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Lethbridge Herald Newspaper Archives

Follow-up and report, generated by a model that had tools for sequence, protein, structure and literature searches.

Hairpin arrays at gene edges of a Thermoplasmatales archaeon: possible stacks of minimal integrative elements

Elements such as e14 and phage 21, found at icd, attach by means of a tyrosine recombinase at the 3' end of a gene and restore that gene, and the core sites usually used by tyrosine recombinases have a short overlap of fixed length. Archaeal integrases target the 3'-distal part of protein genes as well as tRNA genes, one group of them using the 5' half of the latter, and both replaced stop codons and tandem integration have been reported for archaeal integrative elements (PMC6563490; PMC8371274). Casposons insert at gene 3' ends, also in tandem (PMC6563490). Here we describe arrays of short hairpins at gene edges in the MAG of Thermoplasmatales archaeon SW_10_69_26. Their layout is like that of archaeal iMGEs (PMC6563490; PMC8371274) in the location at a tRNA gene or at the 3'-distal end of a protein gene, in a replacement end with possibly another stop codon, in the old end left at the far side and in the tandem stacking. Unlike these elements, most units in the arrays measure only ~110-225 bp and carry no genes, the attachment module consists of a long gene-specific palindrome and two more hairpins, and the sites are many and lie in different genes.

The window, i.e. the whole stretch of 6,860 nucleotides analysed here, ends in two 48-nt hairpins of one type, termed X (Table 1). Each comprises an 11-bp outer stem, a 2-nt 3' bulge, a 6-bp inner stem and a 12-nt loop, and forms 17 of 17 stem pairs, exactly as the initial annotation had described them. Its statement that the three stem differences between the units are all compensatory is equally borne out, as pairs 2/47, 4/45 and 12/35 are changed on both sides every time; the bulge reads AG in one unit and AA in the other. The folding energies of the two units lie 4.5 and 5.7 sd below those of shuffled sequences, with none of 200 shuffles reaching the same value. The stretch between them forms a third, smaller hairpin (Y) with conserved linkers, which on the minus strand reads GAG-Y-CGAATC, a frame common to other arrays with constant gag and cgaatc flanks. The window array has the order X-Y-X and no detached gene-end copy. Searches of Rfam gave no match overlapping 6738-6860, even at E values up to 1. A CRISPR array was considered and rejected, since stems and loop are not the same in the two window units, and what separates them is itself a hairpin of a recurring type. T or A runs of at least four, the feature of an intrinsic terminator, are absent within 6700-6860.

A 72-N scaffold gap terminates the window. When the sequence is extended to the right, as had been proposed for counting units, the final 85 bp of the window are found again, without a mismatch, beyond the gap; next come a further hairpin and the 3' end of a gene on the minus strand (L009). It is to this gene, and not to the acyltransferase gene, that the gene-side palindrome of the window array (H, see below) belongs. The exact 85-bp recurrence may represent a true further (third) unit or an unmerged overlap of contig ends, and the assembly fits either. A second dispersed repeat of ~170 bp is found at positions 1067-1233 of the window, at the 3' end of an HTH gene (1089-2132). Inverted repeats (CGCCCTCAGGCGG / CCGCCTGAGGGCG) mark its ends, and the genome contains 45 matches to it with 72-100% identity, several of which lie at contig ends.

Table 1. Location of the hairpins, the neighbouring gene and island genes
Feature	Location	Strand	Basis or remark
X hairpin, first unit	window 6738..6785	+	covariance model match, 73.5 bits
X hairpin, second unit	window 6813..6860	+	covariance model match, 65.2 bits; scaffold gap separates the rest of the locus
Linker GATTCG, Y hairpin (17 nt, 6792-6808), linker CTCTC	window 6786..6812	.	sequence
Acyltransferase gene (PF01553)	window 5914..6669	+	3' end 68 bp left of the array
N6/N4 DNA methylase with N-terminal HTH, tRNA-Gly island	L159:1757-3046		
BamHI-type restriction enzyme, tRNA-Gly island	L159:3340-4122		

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Lethbridge Daily Herald, The (Newspaper) - July 9, 1971, Lethbridge, Alberta 14 THE LETHBRIDGE HERALD Friday, July 9, 1971 Your horoscope By Jean? Dixcn SATURDAY, JULY 17 Your Birthday Today: Three phases mark this year of transformation definite effort to reduce and clarify existing obligations for a few months; then, each accord- ing to details of his own life pattern, a time, of rest and re-education, search for new a'.titudes and habits for sev- eral weeks; then on to more realistic responsibilities, per- haps in a novel direction or in technical specialties just coming to general use. ARIES (March 21-April Being in the minority may be unfamiliar experience, a n d you run into a brief spell of it today. Resolve not to let dis- agreements spoil your week- end. TAURUS (April 201: The farther you can get away from your regular rounds of daily habits the better. If you haven't got a list of thuigs you've never done put one to- gether. GEMINI (May 21 June It's natural for you not to stay put today. Keep matters sim- ple and be as nearly alone as you can manage. Concentrate higher; assert mere of a share in leading your community. Assemble a larger team. Re- cruit younger people. VIRGO (Aug. 23 Sept. 22 Being selective should not involve estrangement or farewells. Simply decide which people you want to go along with, if anybody. LIBRA (Sept. 23 Ocl. You have more to do than planned, just when it's least convenient. This being so, the sooner you dispose of weekend chores, the better. SCORPIO (Oct. 23-Nov. A spirit of adventure and curiosity will help today. Even old habits offer food for thought, stand a good chance of being interrupted by sur- prises. SAGITTARIUS (Nov. 22-DcP. Short cuts are appealing but are of no avail unless you LAWRENCE E. LAMB, M. D. Collagen is basic protein in body know the system of how and when to get back on the main track. By-passing important people, for example, does not work out. CAPRICORN (Dec. 22 Jan. Charity and redemption start at and near yourself and those you cherish. AQUARIUS (Jan. 20 Feb. Break out of your recent ruts, recover contacts with former associates, relatives you haven't seen in quite a while. PISCES (Feb. ID-March Clear up misunderstandings amongst family members. Trying to do the same amongst people you have not known a long time scatters them out or breaks an already doubtful connection. (1871: By The Chicago Tribuntc) Dear Dr. Lamb What are collagen diseases? Are they rare? Is there a cure or tem- porary benefit such as ACTH, Cortisone and prcdnisone? Is the disease always fatal? tionary and could not locate it anywhere. Dear Reader The term col- on some'-hing you have wanted to do for a long time. CANCER (June 21-July Keeping in touch means more j lagen is used for a basic pro- than just knowing the news, tcin of the body. It is really Group efforts thrive according the protein that makes gelatin. to emotional factors rather bind cells and mucle fibres to- gether, tendons and linings of joints, all contain this mater- ial. When something goes wrong with this material, it is called a collagen disease. The have looked in a medical die- body seems to become allergic than ma'erial capability. LEO (July 23 Au As you know from that state- I ment, you can produce it by boiling meat, bones, tendons. In Your persuasive powers run 1 fact, the connective fibres that Tumbleweeds Andy sends a complete 20- volume set of the World Book Encyclopedia to Jill Miller, age 10, of Aurora, Minnesota, for her question: by tumble- I lean wild plants. One is the bug- Tumbleweeds are plants and seed that strews hundreds of all plants have built in plans I dark oval seeds that look like to create future plants like j tiny bugs. The other is the tum- panic grass. Both travel- j ing plants originally were na- lives of Europe. Two other What is meant by tumble- j tumbleweeds are native Amer- weeds? themselves. Some sprout run- ners that anchor new root sys- tems in the soil; others build bulbs that sprout future plants. Most weeds grow from seeds and the parent plants have va- rious fascinating ways to scat- ter them in new soil. But the tumbleweeds have the most unusual system for sowing their to its own collagen. There are a number of dis- eases that fall in this category. Some authorities think that the common disease, rheumatoid arthritis, is one of these dis- eases. It can be painful and crippling or it can run a short course and disappear by itself. Perhaps rheumatic fever be- longs to this group, too. Some of the collagen diseases are more serious than others. The medicines you mention- ed are ail hormones. ACTH (adrenocorticotropic hormone) is from the pituitary gland just under the brain. It stimulates the adrenal cortex to produce hormones. The other hormones are from the adrenal gland. All of these have been used in treating rheumatoid arthritis and severe cases of rheumatic involvement of the heart. These medicines are not, however, used in all cases. Arthri'.s pa- tients often get dramatic im- provement at first, then, as larger amounts are required, they may get complications from the medicine. Large doses of aspirin the in- flammatory reaction of rehu- matoid arthritis. Wing pigweed, also known as the green amaranth. The pam- pered garden amaranth has a large bright, long lasting flow- er. The weedy pigweed has tiny Dear Dr. Lamb My son's seeds. The parent plants roll and tumble all over "the place, scattering seeds as they go. All summer long, the tumble- weeds grow with the other weeds of the prairies, in fields and vacant lots and along the roadsides. They soak up the golden sunshine, drink in the showers and become bushy balls of fine greenery. Mean- time, they grow seeds hun- dreds of tiny seeds that ripen toward the end of summer. Then the plants wither and lose their greenery. They become big balls of thin, tangled twigs, light enough to be blown away by the breezes. Come fall, the wind snaps their stems off at ground level. Then the parent plants are all set to travel. The breezes blow them along, rolling and tum- bling for miles over the plains green flowers, but it belongs to the gaudy amaranth plant fain- Other plants stay rooted to the spot while they scatter their seeds. The pea plant becomes a pea shooter. Its dry pods split open with a sudden jerk that shoots the ripe seeds off in all directions. The seeds of the dainty dandelion clock have feathery parachutes. They wait for a puff of wind to carry them drifting through the air- hoping patch and the prairies. They bounce over the ground, shaking loose their seeds and dropping them on the ground. Some seeds will chance to fall on suitable soil. Come spring they sprout roots and become the next genera- tion of tumbleweeds. But most seeds will be eaten by birds and insects who need them for food. People of the West and the Southwest expect the tumbling tumbleweeds in the fall and winter. Sometimes hundreds of them pile up against fences, in yards and other places where the big prickly balls of twigs are a nuisance. All these tra- veling plants arc called tum- bleweeds, though at least four different weeds scatter their seeds in this fashion. The biggest one is the Rus- sian thistle big enough to scatter a million seeds. An- other tumblewccd type is the couch grass, alias the witch or ANTIQUE AUCTION COMING TO IETHBRIDGE SEE OUR AD ON PAGE 15 to land on a suitable of soil. The coeklebur iiook its prickly seed package onto furry animals or passing people. But the parent tumble- weeds travel around to scatter their seeds. Andy sends a World Book Globe to Renee Miller, age 9, of Williamsport, Pennsyl- vania, for his question: How did the Suez Canal get its name? Long ages ago, the people of Egypt toiled to reclaim a patch of dry land from the northern arm of the Red Sea. They set- tled it and named it Al Suways. It stood at the crossways of trade routes to the far east and became a busy port. Travelers from western Europe called it Suez and Suez became a very popular name in those parts. The northern arm of the Red j Sea is the Gulf of Suez. The I Isthmus of Suez is a narrow' strip of land that separates Af- rica from Asia. Then about a century ago, a i splendid canal was dug aross the Isthmus of Suez. This 100-'; mile ditch through the desert connected the Mediterranean Sea with the Gulf of Suez and the Red Sea. It seemed only logical to name the new wa- i tenvay the Suez Canal. Before it was built, ships between Eu- j rope and the far east had to sail all around the tip of Africa. The famous canal led from the Red S'ca into the Indian Ocean and saved thousands of miles of sea voyaging. Questions asnicd by children of Herald readers should be mailed to Ask Andy, P.O. Box 765, Huntington Beaca, California 92648. (Copyright Chronicle Publishing Co. III7I) skin is an unusual color. Some- times his hands are so blue people have commented about them. Could this be a sign of heart trouble. He seems to get exhausted from the least exer- tion and he can't seem to gain a pound. He is 6-1 and weighs only 130 pounds. bear Reader Yes. i' could be. There are a large number of heart diseases that can cause the hands and the rest of the skin to take on a bluish cast. An important differentiation is whether it is just the hands or involves other parU of the body, like the lips and face as well. If it is just the hands, it is more likely a disturbance in the blood flow caused by the small arteries and veins rather than the heart. We call this group of disorders peripheral vascular disease. In either case, it sounds to me as tlvoueh your son needs to see a doctor or even be referred by your doctor to a heart specialist. IF I EVER SET BE A IN THE MARKET PLACE" 50 VXI CAU RFACH THE PEOPLE IT FACH IJ f? rUMBlEWEEDS-By TOM K. RYAN Alberta pilots finish BATON ROUGE, La. (AP) Gini Richardson of Yakima, Wash., is apparent winner of the 25th annual Powder Puff Derby air race. A spokesman said Thursday the decision was unofficial, but Mrs. Richardson appeared to have a substantial lead over other finshers in the compli- cated scoring system of the race. About 29 aircraft in the field of 144 in the ail-women trans- continental air race have yet to cross the finish line, but none appeared to be in the running. According to the scoring sys- tem, Mrs. Richardson finished the event with a plus-23 score. The official explained that each aircraft in the race is given a "par the speed the particular make of aircraft should be able to aver- age over the course from Calgary to Baton and is awarded points for every mile an hour over the par speed. Mrs. Richardson was one of 14 solo pilots who entered the race this year. Canadiaji entries to cross the finish line Thursday: Helen Mae Failey and Josephine Kearney of Olds, Alta.; Loma Deblicquy and Betty Jane Schermerhorn of Ottawa and Toni Ramsay and Sue Baterbury of Calgary. The race began Monday morning in Calgary and included three mandatory stops. Youth charged iu death case EDMONTON (CP) Joseph Lorenzo Bedard, 17, of no fix- ed address, was charged with ncn-capital murder in the death of Mary Poon who was beaten and slabbed May 13. Mrs. Poon was killed during an apparent robbery at a gro- cery store owned by the Poon family. GOREN ON BRIDGE ruffed high, drawn trump and A diverlified Sparwood icilcs and distributing firm dealing in mine and related mechanical and hydraulic equipment REQUIRES A WAREHOUSEMAN Duties will coruist of receiving, shipping, invoicing) and main- tenance of proper slock control. Successful applicant must be in good health, possess driver's license and be bondablc. Salary negotiable commensurate with education and ex- Only experienced applicants will bn considered. Send complete handwritten resume slalinq education, ex- perience, salary expected with references to A. B. WELLS, Chartered Accountant Box 426, Blalrmorft, Alhorta. BY CHARLES H. GOREN le mi: Br rne Tijiiuntl Both vulnerable. North deals. NORTH A7S5 A J to z 0 Q103 AAK2 WEST EAST AKQ984J 084 0 AKJ37Z Q 8 5 SOUTH A AJ10 (7KQ9864 065 108 The bidding: North Easl South West 1 10 10 14 2 <3 Pass Paw Pass Pass Opening lead: Eight of 0 Alert defense by East de- prived South, the declarer at four hearts, of the oppor- tunity of endplaying West on the deal. With a bit of mental exercise, however, declarer found a way of turning the tables on the latter was eventually obliged to present South with the game fulfilling trick. West opened the eight of diamonds, dummy covered with the ten and East played the jack to win the trick. He cashed the king of diamonds as everyone followed suit, but then he shifted to the deuce of spades. This presented declarer with n problem. If East had led a third round of diamonds, South could have I remaining card in that suit. 1 Now the dummy is reentered in trumps and a spade is led. South puts in the ten to place West on lead with the queen of spades. If he returns a club, it presents declarer i with a ruff and discard. A j spade return is equally fatal I and South restricts his losses on the deal to two diamonds and one spade. East's spade shift at trick three deprived South of the opportunity of endplaying his left hand opponent. He couldn't afford to play the ten in t h e light of West's one spade East's spot card had all the earmarks of a singleton. It East had only one spade, however, an alternative line of play was available to South. Declarer put up the ace of spades, drew trump with the ace and jack and then played the ace, king and another club, ruffing in his hand. A small heart was led to the ten and now the queen of dia- monds was played from Lho dummy. East covered with the ace, but instead of ruffing, South merely dis- carded the ten of spades. East was endplayed. Whether he returned n dia- mond or a club, declarer could discard his remaining spade, while he trumped in dummy. In South lost three diamond tricks. Y-YOU 60NNA R00 US NOW, SNAKE-EYE? HUSH YER MOUTH, HARVEY! HOW WRf YOU'SE I W SUCH IN FRONT 0' ME PA0Y 0' PA PAP EXAMPLE, PA C'RflUPT INFLOONCE ON PEM TENPER PA TWIfrlSBENTJ'YWOW! 7-1 SNOOKiE, PEAR, WAIT OUT5IPE ulKEAGCWPOYWHILS'TI v PULL PIS HEIST BLONDIE-By Chic Young III f ALEXANDER. VOUR IS L WHAT IF MAMA AMP I LEFT OUR THINGS ALL OVER BEETLE BAIlEY-By Mort Wolker PATS.' NOW WE'LL NEVER KNOW HOW FAR LOOK OUT, COMES LI L ABNER-By Al Capp V 'STEAD O'CARRVIM' CROOKED MILES I7OO CROOKED MILES KIN FLIP HIM-ENP S OVEREMP.'.'} NO THASS TH' WAV VO1 IS THROUGH THAT HAWS WALLER.'.' ARCHIE-By Bob Montana TELL THE MONEY ANDl'tL SO GET A BIG 1 PIZZA.' (tf FACE DOWN L HI AND LOIS-By Dik Browne IF WE EVER HAVE TO MOVE COULD I PLEASE HAVE AT LEAST A YEAR'S NOTICE SHORT RIBS-By Frank O'Neal YfS in BUGS BUNNY SYLVESTER, YA MOOCHIN'' BUM, YOU'VE SEEN CAMPIM'' ON ME FEE A WEEK1 GIVIN' YA Five MiNures T'PACK UP AN' SCRAM! YOUE INSINUATIONS CONCERNING MY CHARACTER ARC PEEPLY RE5ENTEPJ YOUR PREMISES SHALL BE VACATE? IMMEPIATELYl AFTER ALL, I CAN TAKE A HINT.' ;